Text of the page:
Babar the King of the Elephants is an amazing series of children's books that I fancied i a very big way in 2nd grade. The art and writing had an almost Zen balance to them. The author wrote and illustrated these books in an artist fashion rather than cartoonish. Dr Seuss books were funny and made us giggle...Babar was royalty...he was dignified...totally cool books.
Jean de Brunhoff (December 9, 1899 – October 16, 1937) was a French writer and illustrator known for creating the Babar books, the first of which appeared in 1931.
Brunhoff was an elephant/animal rights activist early in the 20th century. Babar's story conveyed the similarities between the soulful elephants to that of human families. Children I believe, connected with the love and care of the Babar family.
This illustration is from Babar and Father Christmas, the last Babar story de Brunhoff wrote before dying of tuberculosis at age 37. A British animated film was made in 1968:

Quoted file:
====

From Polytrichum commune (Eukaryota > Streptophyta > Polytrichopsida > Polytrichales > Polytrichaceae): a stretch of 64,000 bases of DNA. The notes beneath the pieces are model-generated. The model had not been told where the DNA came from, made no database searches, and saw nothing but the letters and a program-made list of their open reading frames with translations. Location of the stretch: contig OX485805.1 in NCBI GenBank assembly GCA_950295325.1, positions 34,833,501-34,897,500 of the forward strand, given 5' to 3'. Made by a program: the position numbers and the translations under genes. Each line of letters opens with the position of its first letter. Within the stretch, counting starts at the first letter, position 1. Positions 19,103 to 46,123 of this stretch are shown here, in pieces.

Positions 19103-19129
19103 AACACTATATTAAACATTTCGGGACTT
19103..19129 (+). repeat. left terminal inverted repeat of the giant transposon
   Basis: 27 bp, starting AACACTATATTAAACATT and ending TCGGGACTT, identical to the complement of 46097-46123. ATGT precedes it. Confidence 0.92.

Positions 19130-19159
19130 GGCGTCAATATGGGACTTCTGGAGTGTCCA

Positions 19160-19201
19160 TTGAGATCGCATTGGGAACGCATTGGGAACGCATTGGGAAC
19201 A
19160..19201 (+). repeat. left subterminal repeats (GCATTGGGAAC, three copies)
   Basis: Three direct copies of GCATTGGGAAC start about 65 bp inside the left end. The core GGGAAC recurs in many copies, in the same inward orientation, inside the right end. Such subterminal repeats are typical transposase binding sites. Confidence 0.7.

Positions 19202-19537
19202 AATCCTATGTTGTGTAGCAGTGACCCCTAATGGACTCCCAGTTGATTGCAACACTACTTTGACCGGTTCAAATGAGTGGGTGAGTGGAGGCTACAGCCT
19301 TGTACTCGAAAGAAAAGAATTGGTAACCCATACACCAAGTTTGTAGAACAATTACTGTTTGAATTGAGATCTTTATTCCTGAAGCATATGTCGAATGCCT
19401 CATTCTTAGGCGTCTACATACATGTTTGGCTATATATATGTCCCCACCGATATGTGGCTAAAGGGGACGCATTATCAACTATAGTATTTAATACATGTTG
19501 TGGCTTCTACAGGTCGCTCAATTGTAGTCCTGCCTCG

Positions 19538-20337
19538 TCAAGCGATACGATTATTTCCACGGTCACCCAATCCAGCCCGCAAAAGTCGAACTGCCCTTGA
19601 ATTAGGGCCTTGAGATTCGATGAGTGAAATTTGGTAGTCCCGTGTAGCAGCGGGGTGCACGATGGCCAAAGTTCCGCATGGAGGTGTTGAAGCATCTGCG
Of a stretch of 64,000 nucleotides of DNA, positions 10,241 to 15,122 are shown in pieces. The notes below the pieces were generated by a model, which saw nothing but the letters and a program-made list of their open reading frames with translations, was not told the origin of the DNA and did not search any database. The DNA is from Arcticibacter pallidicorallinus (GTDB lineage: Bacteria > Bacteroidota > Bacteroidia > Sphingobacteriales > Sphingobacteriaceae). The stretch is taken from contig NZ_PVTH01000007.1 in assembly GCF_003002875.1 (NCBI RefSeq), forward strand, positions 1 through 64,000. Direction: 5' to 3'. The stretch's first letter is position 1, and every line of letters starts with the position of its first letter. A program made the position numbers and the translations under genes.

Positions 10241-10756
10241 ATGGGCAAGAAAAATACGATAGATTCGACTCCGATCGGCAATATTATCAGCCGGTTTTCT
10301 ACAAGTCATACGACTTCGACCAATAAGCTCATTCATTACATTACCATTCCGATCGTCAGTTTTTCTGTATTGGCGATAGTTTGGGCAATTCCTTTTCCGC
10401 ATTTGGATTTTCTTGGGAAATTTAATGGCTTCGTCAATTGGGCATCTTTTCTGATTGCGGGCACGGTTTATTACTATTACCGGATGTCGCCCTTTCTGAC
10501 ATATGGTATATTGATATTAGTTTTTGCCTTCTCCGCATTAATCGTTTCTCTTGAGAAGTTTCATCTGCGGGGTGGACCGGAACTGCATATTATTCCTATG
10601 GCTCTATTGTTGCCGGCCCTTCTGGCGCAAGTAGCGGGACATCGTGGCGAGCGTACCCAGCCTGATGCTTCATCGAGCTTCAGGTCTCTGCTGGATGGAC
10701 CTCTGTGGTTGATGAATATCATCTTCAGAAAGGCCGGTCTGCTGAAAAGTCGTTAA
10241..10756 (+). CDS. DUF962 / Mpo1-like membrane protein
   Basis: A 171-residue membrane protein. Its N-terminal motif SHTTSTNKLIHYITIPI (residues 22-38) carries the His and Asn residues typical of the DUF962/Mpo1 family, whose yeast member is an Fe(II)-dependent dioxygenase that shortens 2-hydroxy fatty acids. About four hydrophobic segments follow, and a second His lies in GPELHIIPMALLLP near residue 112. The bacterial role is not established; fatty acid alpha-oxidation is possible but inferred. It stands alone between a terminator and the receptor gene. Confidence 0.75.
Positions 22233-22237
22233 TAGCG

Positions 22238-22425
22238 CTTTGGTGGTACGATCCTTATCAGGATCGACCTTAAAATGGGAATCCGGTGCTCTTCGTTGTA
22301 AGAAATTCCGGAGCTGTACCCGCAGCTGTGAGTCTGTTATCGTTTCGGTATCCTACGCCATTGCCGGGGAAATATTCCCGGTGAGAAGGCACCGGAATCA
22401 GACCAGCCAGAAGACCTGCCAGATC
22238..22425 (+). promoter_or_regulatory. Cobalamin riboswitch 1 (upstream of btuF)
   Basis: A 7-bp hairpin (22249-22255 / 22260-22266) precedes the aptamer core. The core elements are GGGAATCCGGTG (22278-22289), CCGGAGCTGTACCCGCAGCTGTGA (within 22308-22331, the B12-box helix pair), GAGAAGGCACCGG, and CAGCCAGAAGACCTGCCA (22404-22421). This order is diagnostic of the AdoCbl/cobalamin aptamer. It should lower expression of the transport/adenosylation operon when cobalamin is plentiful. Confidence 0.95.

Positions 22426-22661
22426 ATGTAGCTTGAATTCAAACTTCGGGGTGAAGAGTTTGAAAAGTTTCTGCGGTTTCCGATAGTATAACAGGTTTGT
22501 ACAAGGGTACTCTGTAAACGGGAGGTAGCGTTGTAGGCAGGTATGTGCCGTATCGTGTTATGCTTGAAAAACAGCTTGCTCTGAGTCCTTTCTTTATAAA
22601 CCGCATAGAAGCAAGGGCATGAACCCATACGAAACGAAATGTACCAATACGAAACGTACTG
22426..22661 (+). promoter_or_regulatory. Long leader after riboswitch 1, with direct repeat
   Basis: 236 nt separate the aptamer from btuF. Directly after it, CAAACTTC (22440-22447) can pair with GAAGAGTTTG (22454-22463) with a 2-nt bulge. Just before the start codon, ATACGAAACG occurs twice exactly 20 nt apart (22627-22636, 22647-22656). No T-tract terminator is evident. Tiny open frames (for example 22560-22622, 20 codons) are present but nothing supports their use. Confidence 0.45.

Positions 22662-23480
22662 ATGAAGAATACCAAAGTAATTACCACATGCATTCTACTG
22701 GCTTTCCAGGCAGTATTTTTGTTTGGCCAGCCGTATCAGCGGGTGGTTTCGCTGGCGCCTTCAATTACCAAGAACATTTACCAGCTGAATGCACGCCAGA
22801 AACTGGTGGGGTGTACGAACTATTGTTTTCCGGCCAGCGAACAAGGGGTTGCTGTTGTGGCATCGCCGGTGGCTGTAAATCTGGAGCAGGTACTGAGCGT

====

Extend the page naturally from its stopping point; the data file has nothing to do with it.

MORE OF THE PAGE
Originally published in over sized volumes with cursive writing and the author’s wonderful sprawling watercolour paintings, the English language version of Brunhoff’s Histoire de Babar immediately captured the interest of British children. Babar brings clothes and cars (and Madame) from Paris - where he has been educated - and readers follow him home to his African kingdom.
He is crowned King and transforms the elephant kingdom into a Westernised civilisation. With is family and the wise Cornelius by his side, Babar protects his land from the Rhino King The stories were adapted into an animated television series, which ran from 1989 to 1991 with 13 additional episodes aired in 2000. READ MORE ABOUT BABAR